Adding solar to your home is a rewarding DIY project, and it’s becoming more affordable every day. However, it must be clarified if you’re new to solar energy.
Even if you’re an EcoWarrior that ditches single-use plastic and practices other green habits daily, solar might still seem like a science outside your comfort zone.
What is Solar Power?
Solar power is the energy we use from the sun to create electricity and heat. This energy is produced through the conversion of sunlight into power using a variety of technologies. These include photovoltaic (PV), concentrated solar power, and thermal. Solar energy is an infinite resource that does not create harmful greenhouse gas emissions.
The most common way solar powers homes is through grid-tied systems. This is because most homeowners’ electrical loads are too large to be able to handle on their own. When you use a grid-tied system, your solar panel’s electricity is fed into your house in real time. If there is excess, it is sold back to the grid for credit. The idea is to offset a portion of your utility bill with solar electricity.
Many ask if this is worth it, and the answer is yes! While it requires a more significant upfront investment, it is a small sum compared to the amount you will pay over 25 or 30 years to buy electricity from your utility company.
The other benefit of this is that it gives you a piece of economic freedom. You will no longer need to rely on the power companies, and you can save money while helping the environment. That alone should be reason enough to invest in solar!
How Do Solar Panels Work?
You’ve probably seen solar cells on calculators, which don’t need batteries and seem to work forever as long as the sun shines. But did you know solar panels are also used in larger sizes on emergency road signs, call boxes, buoys, and parking lots to power the lights? They even powered satellites in space back in 1958. Solar energy is a renewable, clean, sustainable source of electricity that reduces greenhouse gas emissions and lowers your electric bill.
To produce solar power, your solar system uses photovoltaic cells with two sides with different conductors. When sunlight hits these solar cells, it knocks electrons from their atoms, creating electricity. Solar cells are typically wired together to form solar panels called arrays. These solar panels are then connected to an inverter, which converts DC electricity into alternating current (AC) electricity that your house can use.
Solar systems reach peak performance during hours of direct sunlight—especially before and after solar noon. But the amount of electricity they can generate will depend on several factors, including cloud cover and obstructions such as trees. If your solar system produces more energy than you need, it can be sold back to the conventional grid through a “feed-in tariff” program. It can be stored in a battery storage system if you don’t want to sell excess power.
How Much Solar Power Do I Need?
Before deciding to purchase a solar energy system, it’s essential to understand how much electricity your household consumes. This will give you a clear picture of how worthwhile it would be to switch to solar power and help you decide whether it is a suitable investment.
In most cases, the easiest way to determine household consumption is to look at past utility bills or check your account online. Typically, residential electricity consumption is billed in kilowatt-hours (kWh). The average American household consumes around 11,000 kWh per year.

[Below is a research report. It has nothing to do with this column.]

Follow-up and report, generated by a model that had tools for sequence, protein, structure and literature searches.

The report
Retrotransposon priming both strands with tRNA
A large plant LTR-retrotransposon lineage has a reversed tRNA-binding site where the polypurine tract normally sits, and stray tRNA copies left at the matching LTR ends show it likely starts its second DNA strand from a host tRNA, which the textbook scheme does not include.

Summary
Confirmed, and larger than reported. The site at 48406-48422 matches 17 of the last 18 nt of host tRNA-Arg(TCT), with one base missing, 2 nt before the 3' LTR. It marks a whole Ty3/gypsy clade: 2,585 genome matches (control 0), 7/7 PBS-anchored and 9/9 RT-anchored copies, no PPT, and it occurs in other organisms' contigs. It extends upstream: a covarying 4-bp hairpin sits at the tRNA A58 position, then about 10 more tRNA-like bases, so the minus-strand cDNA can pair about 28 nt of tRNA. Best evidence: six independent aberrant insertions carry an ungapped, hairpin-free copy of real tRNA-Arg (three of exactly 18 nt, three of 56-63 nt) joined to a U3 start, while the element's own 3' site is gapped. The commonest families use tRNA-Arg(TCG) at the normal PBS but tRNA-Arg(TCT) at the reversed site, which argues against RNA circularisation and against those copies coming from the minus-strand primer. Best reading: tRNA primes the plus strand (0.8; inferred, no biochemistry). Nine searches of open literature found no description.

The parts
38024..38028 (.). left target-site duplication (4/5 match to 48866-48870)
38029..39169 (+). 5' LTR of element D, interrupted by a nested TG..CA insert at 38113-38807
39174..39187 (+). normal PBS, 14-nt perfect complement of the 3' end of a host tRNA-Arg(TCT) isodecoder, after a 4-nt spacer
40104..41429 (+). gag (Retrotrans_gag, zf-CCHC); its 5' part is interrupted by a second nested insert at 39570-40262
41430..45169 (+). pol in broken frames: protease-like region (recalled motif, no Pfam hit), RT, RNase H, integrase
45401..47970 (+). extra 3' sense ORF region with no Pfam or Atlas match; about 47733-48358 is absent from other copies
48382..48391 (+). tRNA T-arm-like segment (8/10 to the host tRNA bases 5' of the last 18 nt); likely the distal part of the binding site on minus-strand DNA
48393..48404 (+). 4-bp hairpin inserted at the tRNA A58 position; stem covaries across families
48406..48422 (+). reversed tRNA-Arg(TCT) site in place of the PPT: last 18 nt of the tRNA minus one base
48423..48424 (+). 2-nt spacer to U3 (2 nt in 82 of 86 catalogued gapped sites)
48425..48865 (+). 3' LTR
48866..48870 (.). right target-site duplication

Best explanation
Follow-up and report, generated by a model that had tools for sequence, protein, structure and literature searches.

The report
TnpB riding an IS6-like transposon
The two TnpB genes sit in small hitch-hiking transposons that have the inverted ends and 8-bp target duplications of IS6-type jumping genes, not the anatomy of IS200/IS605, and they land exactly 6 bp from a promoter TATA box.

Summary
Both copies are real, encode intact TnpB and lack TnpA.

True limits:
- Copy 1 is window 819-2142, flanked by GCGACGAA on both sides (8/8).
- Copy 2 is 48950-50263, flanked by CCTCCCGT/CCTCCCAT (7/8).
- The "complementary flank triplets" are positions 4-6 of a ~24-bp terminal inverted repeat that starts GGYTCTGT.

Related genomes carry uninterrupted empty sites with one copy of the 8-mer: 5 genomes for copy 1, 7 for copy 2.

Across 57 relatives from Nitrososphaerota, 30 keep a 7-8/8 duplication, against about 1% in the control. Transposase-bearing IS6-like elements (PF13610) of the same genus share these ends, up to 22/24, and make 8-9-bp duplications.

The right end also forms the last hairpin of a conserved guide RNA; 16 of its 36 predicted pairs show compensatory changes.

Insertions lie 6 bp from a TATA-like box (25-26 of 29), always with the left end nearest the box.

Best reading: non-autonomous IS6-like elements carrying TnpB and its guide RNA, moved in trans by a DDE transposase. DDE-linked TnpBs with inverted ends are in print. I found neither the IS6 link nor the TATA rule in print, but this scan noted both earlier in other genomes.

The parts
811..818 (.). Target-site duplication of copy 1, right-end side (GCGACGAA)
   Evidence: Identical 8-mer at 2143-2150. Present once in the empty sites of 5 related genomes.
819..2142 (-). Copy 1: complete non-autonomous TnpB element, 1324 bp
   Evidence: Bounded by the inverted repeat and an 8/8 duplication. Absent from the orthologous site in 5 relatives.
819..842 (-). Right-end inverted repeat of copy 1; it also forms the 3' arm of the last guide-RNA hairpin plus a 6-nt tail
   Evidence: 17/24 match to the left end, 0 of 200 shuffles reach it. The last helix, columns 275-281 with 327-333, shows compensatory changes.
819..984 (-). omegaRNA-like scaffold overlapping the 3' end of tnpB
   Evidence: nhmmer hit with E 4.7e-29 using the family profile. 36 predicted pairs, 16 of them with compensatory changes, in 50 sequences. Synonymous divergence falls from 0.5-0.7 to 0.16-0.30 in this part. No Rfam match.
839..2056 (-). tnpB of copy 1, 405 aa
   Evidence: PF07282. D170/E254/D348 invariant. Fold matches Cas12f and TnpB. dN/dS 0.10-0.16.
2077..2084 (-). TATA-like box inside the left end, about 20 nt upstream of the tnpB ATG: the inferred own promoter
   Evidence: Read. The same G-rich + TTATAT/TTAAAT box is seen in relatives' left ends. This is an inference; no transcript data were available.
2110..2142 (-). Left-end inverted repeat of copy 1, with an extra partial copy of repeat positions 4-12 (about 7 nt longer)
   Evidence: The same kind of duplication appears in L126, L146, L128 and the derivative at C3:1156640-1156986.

The next step is determining the system size needed to meet your electricity requirements. This can be done using a formula considering three key factors: annual energy usage, panel wattage, and production ratios.
Online “solar calculators” from a solar energy system installer are great tools to help you calculate the size of the solar energy system you will need. They can also connect you with local installers for quotes.
In most cases, a grid-tied solar energy system will allow homeowners to claim credits from their utility company for the excess power they generate. At the same time, their home consumes electricity from the grid at night or on cloudy days. This is referred to as net metering. A battery storage system can also store the power produced by a solar energy system, adding to the cost.
How Do I Install Solar Panels?
Solar installation can seem daunting, but it’s very manageable. The first step is to understand your typical electricity usage. This is best done by looking at a recent electricity bill or calling your utility company. Once you have this information, you can calculate how much a system will cost and how quickly it will pay for itself.
Next, you’ll want to consider the geographic location of your home and the amount of sun it gets each day. Solar panels absorb sunlight and convert it to energy, so the more exposure they have, the more power they will produce. Generally, panels are installed on a roof facing south. If your area experiences a lot of shade or snow, installing panels in a different direction is possible, but this will affect performance.
Lastly, you’ll need to purchase an inverter, which converts the low-voltage DC signals from the PV panels into AC (for use in your household) or grid power. Inverters are the weak link in a solar energy system, so quality is essential. If your system uses micro-inverters or power optimizers, keeping all documentation and creating an array map identifying which unit controls each panel is a good idea.
Finally, you must plan your wiring run and connect your PV system to your household fuse box with a back feed breaker. It is essential to ensure the disconnect switch is easily accessible so all family members know how to shut off the system in an emergency.